Anthem of the Taíno Resurgence: Naboria Daca Ae Mayanimacaná

What might be called the unofficial “anthem” of the Taíno indigenous resurgence is the beautiful, moving song by Juan Luis Guerra of the Dominican Republic, sung in the Taíno language, titled Naboria Daca Ae Mayanimacaná. The song comes from his 1992 album, Areito, which refers to Taíno dance, an album that featured a number of anti-colonial and anti-capitalist hits, earning it the distinction of being banned in several countries that were fearful of publicizing music with allegedly “anti-American” messages (just in case there was anyone left who still maintained the illusion that empire and democracy can go hand in hand).

The words (courtesy of Guacara Dreamtime) follow the song, I added the English translation in place of the Spanish translation.


Taíno lyrics:

Naboria daca ae
mayanimacaná
naboria daca
guaitiao
mayanimacaná
naboria daca eo

Naboria daca ae
naboria daca eo
a mayanimacaná
naboria daca ae
naboria daca eo
a mayanimacaná
naboria daca ae
naboria daca eo

naboria daca eo
naboria daca eo
mayani mayanimacaná
naboria daca eo
naboria daca eo

Calichi
guarico guakía
calichi
guariquén
machichi
mayanimacaná
machichi
yu
peiti
ris
Naboria daca, mayanimacaná, mayanimacaná,
mayanimacaná!
naboria daca eo

machichi
mayanimacaná
machichi
yu
peiti
ris
Naboria daca, mayanimacaná, mayanimacaná,
mayanimacaná!
naboria daca eo

English lyrics:

I am a servant
don’t kill me
I am a servant
your blood brother
don’t kill me
I am a servant
I am a servant
don’t kill me
I am a servant
Stream from the high mounatin
Come to us
Stream from the high mounatin
Look, come and see
my heart
don’t kill me
my heart
white
black
red
I am a servant
don’t kill me,
don’t kill me
don’t kill me!

8 thoughts on “Anthem of the Taíno Resurgence: Naboria Daca Ae Mayanimacaná

  1. The translation of the song is provided below the video. How one can interpret the song is something open to each of us. I don’t know that there is any one “correct” interpretation of it. What did it mean to you?

  2. This is a great song, but which “several countries” banned the Areito album?? I don’t recall the whole album being banned; I thought it was just the video of one song (‘El Costo de la vida’) in the Dominican Republic.

    By the way, I don’t think it’s fair to single out the U.S. — it was the Europeans who colonized the Americas in the first place, which is largely what Mr. Guerra was critiquing in his 1992 album (the 500th anniversary of Columbus’s discovery of the Americas).

  3. Good points. I don’t know if it was the whole album that was banned, and I think what you say here is probably what the case actually was. You’re right of course, about losing sight of Europe.

  4. I know Juan Luis personally and was present during the recording of this album among others. His intention was both a critique of the brutal aspects of the colonization of Latin America (remember, Dominican Republic is part of the island of Hispaniola “discovered’ in 1492). This album was released in time for the 500th anniversary of Columbus’ voyage (as stated by P. Gonzalez) but was also a critique of the continuing abuse of 3rd world countries (specifically Latin America) by 1st world countries including but not limited to the U.S. — for allusions to this, listen to the lyrics of the track “El Costo de La Vida” and “Si Saliera Petreleo” on the same album, “Areito”.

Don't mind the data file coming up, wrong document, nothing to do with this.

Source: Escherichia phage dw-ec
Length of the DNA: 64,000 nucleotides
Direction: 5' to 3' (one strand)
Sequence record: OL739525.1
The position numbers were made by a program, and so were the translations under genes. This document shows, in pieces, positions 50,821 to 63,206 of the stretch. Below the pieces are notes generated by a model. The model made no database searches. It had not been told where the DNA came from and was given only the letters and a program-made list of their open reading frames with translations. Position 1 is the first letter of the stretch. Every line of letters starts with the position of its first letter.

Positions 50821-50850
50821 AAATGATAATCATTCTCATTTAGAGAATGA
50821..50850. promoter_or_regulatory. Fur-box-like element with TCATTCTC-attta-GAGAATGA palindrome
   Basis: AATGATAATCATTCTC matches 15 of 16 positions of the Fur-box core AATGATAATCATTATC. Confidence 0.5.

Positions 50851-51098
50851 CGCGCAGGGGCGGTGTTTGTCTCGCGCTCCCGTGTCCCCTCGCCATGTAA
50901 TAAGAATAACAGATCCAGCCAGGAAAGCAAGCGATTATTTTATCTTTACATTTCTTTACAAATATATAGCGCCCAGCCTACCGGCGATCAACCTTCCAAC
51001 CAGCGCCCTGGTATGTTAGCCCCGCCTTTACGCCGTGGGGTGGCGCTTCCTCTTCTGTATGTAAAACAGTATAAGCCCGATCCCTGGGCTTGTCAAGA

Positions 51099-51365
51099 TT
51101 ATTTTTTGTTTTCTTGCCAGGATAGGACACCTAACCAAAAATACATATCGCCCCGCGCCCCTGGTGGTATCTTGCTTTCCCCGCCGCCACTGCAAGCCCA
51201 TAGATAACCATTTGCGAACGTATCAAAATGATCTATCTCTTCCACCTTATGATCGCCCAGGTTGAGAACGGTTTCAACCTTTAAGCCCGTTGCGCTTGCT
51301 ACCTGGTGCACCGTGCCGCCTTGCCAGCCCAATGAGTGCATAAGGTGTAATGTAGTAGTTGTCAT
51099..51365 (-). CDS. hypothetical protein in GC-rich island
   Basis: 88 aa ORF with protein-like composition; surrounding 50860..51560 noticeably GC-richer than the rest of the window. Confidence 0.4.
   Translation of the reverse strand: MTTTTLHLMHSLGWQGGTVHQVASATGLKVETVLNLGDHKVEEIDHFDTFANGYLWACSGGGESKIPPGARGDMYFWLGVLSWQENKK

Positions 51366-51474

It was at this time that rumors (unfounded & untrue) were spread that Juan Luis was a communist, especially when he partnered back then in concert with Cuban singer/songwriter Sylvio Rodriguez in San Cristobal, Dominican Republic. The entire album of “Areito was considered by many in the music industry to be a commercial disappointment and even potentially destructive for Juan Luis’ musical career because it was “too personal” (i.e. read that as “politically incorrect”). He followed this with the more commercial “Fogarate” which although a commercial success by Latin American music standards was not the global success of “Bachata Rosa”. After a 4 year absence, Juan Luis released “El Niagra en Bicleta” as the first single of his “comeback” album, “Ni es lo mismo, Ni es igual.” (There was great significance to that title.) We debated a great deal whether or not to make this the first single because of the song’s critique of the Dominican healthcare system but apparently Dominicans could only agree with Juan Luis’ presentation of it and the rest of the world couldn’t care less – it didn’t (doesn’t) touch them.

    Naboria Daca(and the You tube video with song) should be used in history classes so that a complete picture of the colonization of the Americas is presented to U.S. students. They should be made aware of and conscientized of the massacre of the Tainos and continued oppression of Latin America. We focus so often on African slavery and the Holocaust (with due need and respect I maintain) but tend to obviate this portion of American history. The goal would NOT be to create divisiveness and hatred which would only undermine the death of the thousands of Tainos, but to bring to life the words Juan Luis utilizes in his song…(paraphrased) we are all servants and blood brothers, let us not kill one another.

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